So to Jeff Gore, the SNHU basketball assistant, guess I win our argument in a knockout, the one when I said if Pierce were playing for the Lakers with Shaq instead of Kobe they would have won all three of those titles. Although now I’m thinking it probably would have been four, since he wouldn’t have gotten into the jealousy battles with the big fella that derailed a fourth.
Not that it matters, but one thing you can say about my spelling ability is I’m versatile. As depending on the moment I can spell it Kobie, Koby, or Kobe. Don’t ask me how it happens — it’s just a gift.
The fan in me spent the week trying to act like I’ve been there before, which I have, but I had a hard remembering how to, since it’s been so long.
Here’s the thing these young’ns did for Red Auerbach. They gave Phil Jackson his second (straight) loss in the finals. So while the Zen Master may pass Red for the coach with the most NBA titles someday, he’ll always have at least one more finals loss than Auerbach — which means with a record of 9 wins in 10 appearances Red will ALWAYS have the better series winning percentage in the finals.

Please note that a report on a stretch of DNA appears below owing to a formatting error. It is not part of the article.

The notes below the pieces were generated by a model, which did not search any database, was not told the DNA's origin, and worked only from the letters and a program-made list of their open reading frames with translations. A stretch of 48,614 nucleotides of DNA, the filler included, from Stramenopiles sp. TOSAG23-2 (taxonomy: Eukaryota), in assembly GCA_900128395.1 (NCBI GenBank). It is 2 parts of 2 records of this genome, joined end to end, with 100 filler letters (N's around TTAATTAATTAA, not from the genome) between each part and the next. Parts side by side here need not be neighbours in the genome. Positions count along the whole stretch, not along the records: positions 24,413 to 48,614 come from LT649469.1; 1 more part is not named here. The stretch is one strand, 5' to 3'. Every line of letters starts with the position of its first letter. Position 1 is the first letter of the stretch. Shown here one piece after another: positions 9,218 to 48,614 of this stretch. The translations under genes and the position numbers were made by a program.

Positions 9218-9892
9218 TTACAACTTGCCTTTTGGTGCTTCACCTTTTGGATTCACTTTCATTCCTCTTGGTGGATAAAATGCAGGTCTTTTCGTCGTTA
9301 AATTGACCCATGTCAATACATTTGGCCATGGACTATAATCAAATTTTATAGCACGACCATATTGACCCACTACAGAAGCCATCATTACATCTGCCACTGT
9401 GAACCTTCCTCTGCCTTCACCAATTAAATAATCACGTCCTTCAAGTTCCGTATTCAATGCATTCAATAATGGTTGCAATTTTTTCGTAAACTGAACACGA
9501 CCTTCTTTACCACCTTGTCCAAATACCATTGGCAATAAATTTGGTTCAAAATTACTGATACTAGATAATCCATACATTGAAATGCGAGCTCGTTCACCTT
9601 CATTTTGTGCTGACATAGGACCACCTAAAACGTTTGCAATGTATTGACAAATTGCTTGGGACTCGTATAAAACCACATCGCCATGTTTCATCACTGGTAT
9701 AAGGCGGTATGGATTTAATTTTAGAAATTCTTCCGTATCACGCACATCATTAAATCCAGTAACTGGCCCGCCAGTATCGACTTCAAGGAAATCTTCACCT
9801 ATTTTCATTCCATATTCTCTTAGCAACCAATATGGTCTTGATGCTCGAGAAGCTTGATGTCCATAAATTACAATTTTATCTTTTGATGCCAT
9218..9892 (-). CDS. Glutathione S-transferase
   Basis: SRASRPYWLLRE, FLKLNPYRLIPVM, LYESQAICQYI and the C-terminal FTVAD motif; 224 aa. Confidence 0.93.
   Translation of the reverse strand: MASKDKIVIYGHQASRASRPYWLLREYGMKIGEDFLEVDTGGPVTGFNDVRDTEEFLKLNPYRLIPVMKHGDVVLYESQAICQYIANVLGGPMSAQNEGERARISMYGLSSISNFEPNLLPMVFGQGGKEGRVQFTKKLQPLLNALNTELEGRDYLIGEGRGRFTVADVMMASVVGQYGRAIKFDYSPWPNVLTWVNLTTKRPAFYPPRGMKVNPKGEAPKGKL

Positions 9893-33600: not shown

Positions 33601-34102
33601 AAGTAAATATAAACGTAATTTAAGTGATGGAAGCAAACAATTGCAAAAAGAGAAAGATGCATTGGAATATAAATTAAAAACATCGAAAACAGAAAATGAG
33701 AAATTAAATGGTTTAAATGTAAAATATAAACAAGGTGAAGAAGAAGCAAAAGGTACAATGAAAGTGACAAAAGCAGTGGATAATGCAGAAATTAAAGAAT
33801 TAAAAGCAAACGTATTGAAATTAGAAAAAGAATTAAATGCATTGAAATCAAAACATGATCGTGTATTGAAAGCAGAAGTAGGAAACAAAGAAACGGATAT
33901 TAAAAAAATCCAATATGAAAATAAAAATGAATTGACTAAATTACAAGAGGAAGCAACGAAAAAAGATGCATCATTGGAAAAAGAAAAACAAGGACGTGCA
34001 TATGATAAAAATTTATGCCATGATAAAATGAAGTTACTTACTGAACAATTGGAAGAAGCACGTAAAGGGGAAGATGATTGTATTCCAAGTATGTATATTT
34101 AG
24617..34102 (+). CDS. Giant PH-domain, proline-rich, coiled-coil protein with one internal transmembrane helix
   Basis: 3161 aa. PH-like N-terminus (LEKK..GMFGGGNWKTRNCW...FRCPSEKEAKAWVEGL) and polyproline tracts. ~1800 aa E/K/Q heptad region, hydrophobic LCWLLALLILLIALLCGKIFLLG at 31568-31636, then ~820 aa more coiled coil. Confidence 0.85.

Plus the elimination game to the St. Louis Hawks in 1968 when Russell had a severely sprained ankle by Red’s Celtics was not by the embarrassing margin of a whopping 39 points either.
Raise your hand if you thought that in the playoff-clinching game and their finest of the season, Rajon Rondo would be the guy to take the most shots in the game. It’s true, he was 8-20, while KG led the big three with 18 shots.